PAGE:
Expectations have faded for any kind of breakthrough from Tuesday’s Franco-German emergency summit on the euro zone debt crisis.
Chancellor Angela Merkel and Nicolas Sarkozy will not discuss the creation of a euro bond, which is seen by many in the financial world as the best way to help debt-saddled Greece and other struggling euro zone members recover by being able to borrow at more affordable rates.
Euro bonds would be guaranteed by all 17 countries that share the euro.
Germany’s Economy Minister Philipp Rösler explained Berlin’s objections: “We think euro bonds aren’t the right way. They would punish the countries that have kept their finances in good order and have strong economies – like Germany – and thanks to that have good credit worthiness and so pay low interest rates to borrow.”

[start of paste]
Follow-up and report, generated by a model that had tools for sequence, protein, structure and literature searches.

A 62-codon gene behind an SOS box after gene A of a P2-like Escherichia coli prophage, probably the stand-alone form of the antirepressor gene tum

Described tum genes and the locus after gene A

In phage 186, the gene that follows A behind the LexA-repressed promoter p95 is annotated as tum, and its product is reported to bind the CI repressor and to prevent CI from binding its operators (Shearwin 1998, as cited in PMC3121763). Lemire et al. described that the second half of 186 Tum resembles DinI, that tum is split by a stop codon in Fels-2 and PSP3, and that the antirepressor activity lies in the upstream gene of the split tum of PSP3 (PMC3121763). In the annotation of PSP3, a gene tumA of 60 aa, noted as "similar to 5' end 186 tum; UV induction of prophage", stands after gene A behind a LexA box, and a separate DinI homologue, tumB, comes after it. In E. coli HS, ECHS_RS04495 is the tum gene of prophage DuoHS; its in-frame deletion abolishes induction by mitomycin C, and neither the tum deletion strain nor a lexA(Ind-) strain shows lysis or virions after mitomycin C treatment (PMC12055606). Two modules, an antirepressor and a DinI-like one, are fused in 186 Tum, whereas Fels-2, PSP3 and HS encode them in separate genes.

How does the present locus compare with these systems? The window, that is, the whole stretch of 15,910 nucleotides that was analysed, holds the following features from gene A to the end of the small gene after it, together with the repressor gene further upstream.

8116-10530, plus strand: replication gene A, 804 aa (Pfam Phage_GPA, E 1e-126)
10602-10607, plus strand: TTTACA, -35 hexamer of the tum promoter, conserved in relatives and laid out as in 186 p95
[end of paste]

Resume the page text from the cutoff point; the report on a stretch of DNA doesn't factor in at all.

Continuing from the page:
Italy is one of those under threat and Prime Minister Silvio Berlusconi updated Merkel by phone over the weekend on Rome’s planned new spending cuts.
Germany praised those austerity measures and said it is positive that countries like Italy and Spain are now more willing to make similar moves.
Berlin believes the weaker euro zone nations need to get their finances in order and become more competitive rather than hope to be helped out with euro bonds. In addition Merkel knows that she could not get political backing at home for Germany signing on to euro bonds.